“Hai!” shouted the healer, and she sprang into the fray. Numbers were against her, but she went instinctively for the largest of the group. She struck her staff against his knees with a force that caused his whole body to jerk forward. Flicking her arm up, she cracked the end of the rod against his jaw. As his limp form fell, she swung at her next foe. He was fast, bringing his sword up to intercept her strike in a blink. But at the last instant, Parma twisted the staff in mid-air, jerked it to a barely perceived stop, and then rammed it straight down onto her opponent’s right foot. Toes crunched beneath it.
Knowing better than to press her fortune, she leapt back and out of reach as the remaining two moved against her. “Form a circle!” Parma ordered the Varalelans. “Push them against a wall!”
The villagers did their best to obey, rallying themselves into a more sound formation. At this, the postures of the hooded figures tensed, but they did not give ground. Even the man whose toes Parma had broken stood firm crookedly. For a moment the two groups faced each other in silence, neither seeming eager to engage its opponent. Parma frowned slightly. She had removed one man from the four, and somewhat crippled another, but it seemed he could still stand, and that meant that two swords were still in play. And two daggers, she thought, eyeing the woman. She stood with her knees slightly bent, one of her weapons held in plain view near her thigh and the other clutched in a hand hidden in her cloak. Parma’s frown deepened. She is the most dangerous.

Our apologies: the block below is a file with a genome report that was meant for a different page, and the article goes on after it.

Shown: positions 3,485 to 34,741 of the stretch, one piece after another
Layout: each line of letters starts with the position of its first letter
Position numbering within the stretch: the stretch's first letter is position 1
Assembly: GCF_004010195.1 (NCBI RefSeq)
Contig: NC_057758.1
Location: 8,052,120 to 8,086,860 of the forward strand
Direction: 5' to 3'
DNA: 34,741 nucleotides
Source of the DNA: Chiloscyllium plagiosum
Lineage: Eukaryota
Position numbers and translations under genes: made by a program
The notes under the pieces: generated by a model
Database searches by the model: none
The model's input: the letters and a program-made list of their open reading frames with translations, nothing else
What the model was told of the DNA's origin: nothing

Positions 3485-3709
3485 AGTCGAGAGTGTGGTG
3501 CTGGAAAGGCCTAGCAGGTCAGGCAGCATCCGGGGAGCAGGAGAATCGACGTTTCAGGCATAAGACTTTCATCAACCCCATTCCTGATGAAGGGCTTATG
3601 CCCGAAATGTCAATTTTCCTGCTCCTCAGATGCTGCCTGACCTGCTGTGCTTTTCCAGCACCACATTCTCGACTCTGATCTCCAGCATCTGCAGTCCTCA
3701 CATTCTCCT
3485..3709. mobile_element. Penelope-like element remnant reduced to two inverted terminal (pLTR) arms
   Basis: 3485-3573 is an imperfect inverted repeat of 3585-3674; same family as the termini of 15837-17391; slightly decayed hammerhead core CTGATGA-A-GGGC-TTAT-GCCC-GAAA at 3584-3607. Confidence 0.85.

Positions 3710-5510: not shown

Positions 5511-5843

Then the healer spoke, raising her voice but keeping it heavy with threat. “Back down. You are outnumbered more than two to one.”
The strangers gave no answer, but Parma heard the woman scoff. She clenched her teeth. If there had been but one proper warrior amongst the village-folk standing with her she would have felt more at ease. Or if she had been alone. But there was not, and she was not. If the brigands brought their obvious skill to bear, even outnumbered by eight Varalelans it was most likely that they could still cut their way free. Which left Parma one option. One that she did not wish to resort to before the eyes of the villagers.